Foldable Phone Farce: Why Trust is the Key to Tech Innovation

With today being National Telephone Day, and the recent highly publicised issues with the delayed Samsung Galaxy Fold, mobile is as important and topical as ever – as is technology as a whole. New trends are emerging all the time, with varied success.
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With today being National Telephone Day, and the recent highly publicised issues with the delayed Samsung Galaxy Fold, mobile is as important and topical as ever – as is technology as a whole. New trends are emerging all the time, with varied success. Some have fallen by the wayside (remember when smaller was better?), whilst others go from strength to strength – with no finer example than the rise of the smartphone itself, kicked into overdrive by Apple in 2007 with the launch of the first iPhone.

As the dominance of the smartphone market continues, the big players are constantly looking for ways to further develop their mobile products in new and exciting ways. One such development is the newly devised ‘foldable’ mobile phones. Samsung, the creator of the highly successful Galaxy range, has been the first to successfully build and market such a device. The Samsung Galaxy Fold was built and ready to launch tomorrow. However, owing to complications some early reviewers have had with the Galaxy Fold, the South Korean giant has had to postpone the launch to an unspecified date in the future. Most of the issues seem to come down to broken screens, but this latest furore does beg the longstanding question: How do big tech companies innovate beyond the astounding things that have already been done, especially in the last decade?

Apple has been accused of a distinct lack of vision with their yearly iPhone output, witch each release seemingly more indistinguishable from the last. But they are at least reliable, as is the Samsung Galaxy range. Is the answer really to push an even more expensive mobile/tablet hybrid on consumers (the Galaxy Fold will be £1,800), when there is little evidence to suggest it’s the kind of improvement people are really asking for?

Hot topics such as security and privacy are on people’s lips regularly, especially in the case of a brand like Huawei – who are also developing a foldable phone. The Chinese tech giant’s supposed links with its own government have been the subject of much debate, especially with the company being tasked with spearheading the UK’s 5G network. Apple, Samsung, Google, Facebook, Twitter and many more tech giants have similar problems of their own. Perhaps it’s time for these companies to focus on that all-important selling point that seems to have been somewhat forgotten – trust. The majority of people will prioritise a reliable device from a business they feel they can trust over an unnecessary new product that could set them back nearly two-thousand pounds.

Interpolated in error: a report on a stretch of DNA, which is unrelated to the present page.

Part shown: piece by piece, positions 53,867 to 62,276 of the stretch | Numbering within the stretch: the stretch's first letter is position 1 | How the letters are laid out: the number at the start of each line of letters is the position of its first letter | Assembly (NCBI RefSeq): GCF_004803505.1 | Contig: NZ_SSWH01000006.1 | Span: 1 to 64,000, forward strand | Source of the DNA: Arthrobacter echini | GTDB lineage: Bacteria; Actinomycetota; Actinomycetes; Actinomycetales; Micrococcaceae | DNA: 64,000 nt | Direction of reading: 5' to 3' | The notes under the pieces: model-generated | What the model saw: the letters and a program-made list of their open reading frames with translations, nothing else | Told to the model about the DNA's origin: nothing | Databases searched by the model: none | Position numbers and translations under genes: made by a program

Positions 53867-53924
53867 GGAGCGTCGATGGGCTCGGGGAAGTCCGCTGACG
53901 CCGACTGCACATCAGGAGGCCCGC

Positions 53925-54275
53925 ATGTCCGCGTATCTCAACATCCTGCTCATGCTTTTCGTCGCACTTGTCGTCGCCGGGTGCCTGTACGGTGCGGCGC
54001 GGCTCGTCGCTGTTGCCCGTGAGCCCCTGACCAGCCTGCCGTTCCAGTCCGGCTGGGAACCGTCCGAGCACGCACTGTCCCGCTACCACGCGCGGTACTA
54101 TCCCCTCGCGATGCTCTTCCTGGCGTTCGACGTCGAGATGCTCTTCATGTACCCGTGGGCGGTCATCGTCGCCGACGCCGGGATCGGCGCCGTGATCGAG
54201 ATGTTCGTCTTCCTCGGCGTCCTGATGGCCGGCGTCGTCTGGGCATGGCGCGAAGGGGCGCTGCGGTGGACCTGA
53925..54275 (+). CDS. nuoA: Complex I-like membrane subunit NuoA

But what of that word again, ‘innovation?’ When it comes to technology, it will always carry great importance. The key is to innovate with users in mind, rather than mere profit. One naturally follows the other anyway, so it seems like an obvious attitude to take, but that hasn’t been the case as the technology companies have grown bigger. Apple removing the standard headphone jack on the iPhone in a bid to make you use their own audio products is not innovating for the benefit of users, and neither is Samsung cramming the Note 7’s battery in so snugly that it threatened to burn down your home. Smartphone sales have been declining since 2018, and tablets even longer than that. With these gadgets already considered to be far too expensive by most, it may be time to get back in touch with the simple but crucial elements of reliability and trustworthiness. In 2019, that would be truly innovative.

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